Effectively Incorporating Team Fitness Programming
Generally, there are three ways to drive business:
- Upsell a current customer.
- Get a current customer to buy more frequently.
- Acquire a new customer.
Effective fitness programming can be a great non-dues revenue stream and positively impact retention. We know from industry data that the camaraderie, accountability and relationships people establish while participating in team fitness programming is leading to more engagement and success stories. A previous Club Solutions article eloquently put that Engagement = Retention. Retention = Referrals. Referrals = Revenue. And revenue is good for the bottom line!
Here are some strategies to consider for process integration of a new or existing team fitness program.
After key leadership has fully grasped all aspects of the program, clear and concise communication should be shared with the team. This includes everybody under your employment who interacts with the customer. The better they know, the better the advertisement.
Clear expectations for participants should also be shared (e.g., level of commitment, program structure, exercise programming). The consumer should understand the level of commitment and layout of the program they are signing up for to mentally prepare. This will help with compliance.
Team Buy In
A successful systemic integration involves commitment from the team. The people who are talking about it daily with your members (e.g., front desk, membership, fitness department) need to know the purpose of the program, why it exists, how it works, when it’s offered, and how to match the goals of the program to the goals of the member. This is key. You might even consider letting your team try the program prior to offering to members so they can get a first-hand experience participating in the program.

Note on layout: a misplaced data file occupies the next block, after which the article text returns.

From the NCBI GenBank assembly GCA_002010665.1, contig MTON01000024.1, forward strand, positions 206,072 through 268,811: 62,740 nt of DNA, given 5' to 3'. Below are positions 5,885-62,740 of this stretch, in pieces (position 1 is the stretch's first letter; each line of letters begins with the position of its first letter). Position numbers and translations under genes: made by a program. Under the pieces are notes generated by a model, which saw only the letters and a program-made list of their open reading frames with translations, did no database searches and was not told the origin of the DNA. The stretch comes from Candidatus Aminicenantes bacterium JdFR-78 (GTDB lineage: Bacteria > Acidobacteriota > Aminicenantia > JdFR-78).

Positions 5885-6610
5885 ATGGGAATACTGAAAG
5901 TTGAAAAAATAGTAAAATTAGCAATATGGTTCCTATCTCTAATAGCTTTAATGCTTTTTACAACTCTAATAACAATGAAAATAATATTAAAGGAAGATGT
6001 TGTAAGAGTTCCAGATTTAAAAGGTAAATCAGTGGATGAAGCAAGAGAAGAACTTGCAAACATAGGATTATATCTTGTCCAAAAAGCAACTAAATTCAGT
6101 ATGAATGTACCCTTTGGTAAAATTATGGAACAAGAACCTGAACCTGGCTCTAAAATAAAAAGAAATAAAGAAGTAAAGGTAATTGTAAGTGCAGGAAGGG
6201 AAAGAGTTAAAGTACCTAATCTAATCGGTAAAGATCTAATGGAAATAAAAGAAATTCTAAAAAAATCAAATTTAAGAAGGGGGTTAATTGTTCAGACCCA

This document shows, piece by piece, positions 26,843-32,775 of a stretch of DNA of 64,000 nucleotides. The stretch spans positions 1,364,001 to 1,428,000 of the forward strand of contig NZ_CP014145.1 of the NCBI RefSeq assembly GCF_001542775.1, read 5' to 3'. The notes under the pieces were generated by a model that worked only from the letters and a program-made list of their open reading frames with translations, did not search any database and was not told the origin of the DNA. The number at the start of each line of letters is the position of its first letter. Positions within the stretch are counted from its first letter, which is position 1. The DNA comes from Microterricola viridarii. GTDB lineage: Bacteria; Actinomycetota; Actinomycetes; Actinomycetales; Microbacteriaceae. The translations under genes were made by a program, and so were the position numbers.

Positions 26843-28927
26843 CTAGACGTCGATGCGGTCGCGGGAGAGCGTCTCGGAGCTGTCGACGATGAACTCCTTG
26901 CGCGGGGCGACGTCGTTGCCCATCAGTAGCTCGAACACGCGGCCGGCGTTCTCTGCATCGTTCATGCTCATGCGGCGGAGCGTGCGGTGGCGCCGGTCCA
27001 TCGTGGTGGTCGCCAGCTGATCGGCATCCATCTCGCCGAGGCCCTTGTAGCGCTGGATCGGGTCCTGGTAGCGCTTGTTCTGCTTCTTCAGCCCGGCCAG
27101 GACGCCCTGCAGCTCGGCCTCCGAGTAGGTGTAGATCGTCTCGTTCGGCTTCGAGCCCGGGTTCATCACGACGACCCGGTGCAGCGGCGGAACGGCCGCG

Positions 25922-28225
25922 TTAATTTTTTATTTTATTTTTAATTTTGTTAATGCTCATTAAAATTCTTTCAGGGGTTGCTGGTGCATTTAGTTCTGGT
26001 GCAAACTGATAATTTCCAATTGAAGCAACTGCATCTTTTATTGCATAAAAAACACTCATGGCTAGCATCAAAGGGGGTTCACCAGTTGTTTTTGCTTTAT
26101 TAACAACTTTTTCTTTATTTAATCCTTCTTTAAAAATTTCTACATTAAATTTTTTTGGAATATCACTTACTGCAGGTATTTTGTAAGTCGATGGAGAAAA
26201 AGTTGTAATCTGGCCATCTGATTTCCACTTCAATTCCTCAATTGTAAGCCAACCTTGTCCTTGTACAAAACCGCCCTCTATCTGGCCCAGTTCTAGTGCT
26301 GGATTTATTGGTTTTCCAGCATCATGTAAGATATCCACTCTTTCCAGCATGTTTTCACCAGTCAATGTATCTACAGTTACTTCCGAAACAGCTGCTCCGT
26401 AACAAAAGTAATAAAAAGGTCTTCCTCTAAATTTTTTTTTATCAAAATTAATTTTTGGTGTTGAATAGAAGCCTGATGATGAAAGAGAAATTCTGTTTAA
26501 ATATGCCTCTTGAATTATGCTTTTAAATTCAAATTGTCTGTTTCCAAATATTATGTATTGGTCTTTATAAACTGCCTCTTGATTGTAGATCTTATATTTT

This can help your staff relate to what the member will experience and foster a stronger connection with the member. This also may provide useful feedback for you and the team facilitating the fitness experiences. Plus, if your staff has fun in the experience, it will be easier for them to sell the program. It’s a lot easier to sell something that you enjoyed versus something you’re unfamiliar with.
It’s not enough to simply collect data — that does absolutely no good unless something is done with it. However, if you can determine some key performance indicators (KPIs) to evaluate program success, also develop action plans related to those indicators.
For example, you may determine that the conversion rate and program retention are two KPIs you want to track. Excellent! What are the processes to measure and track these metrics? What systems are in place to optimize the conversion of a prospect into a paying customer? What are you doing to maximize program retention? Document the process, reflect on it, and adjust as needed.
Quality Over Quantity
Just like exercise, quality over quantity. As operators, we should always assume that our customers expect quality – and surpass that. Of course, the volume of paying participants is important. However, if the quality of the service is poor, the number of paying customers will inherently drop. Ensuring your product is quality from start to finish bolsters raving fans and keeps people coming back for more, which may lead to referrals.
But it’s not enough to say, “deliver quality services.” How are you measuring your program’s quality? This is where customer feedback tools such as surveys, testimonials, social media content and feedback are critical. Make this follow-up a standard component of program delivery process. Listen to your customer.
Continuous Process Improvement
Using your team, KPIs, customer feedback tools, in addition to industry data/trends, always strive to identify opportunities for improvement. Leverage all of your available tools to comprehensively incorporate positive change. Lead the change with inspiration and clear communication.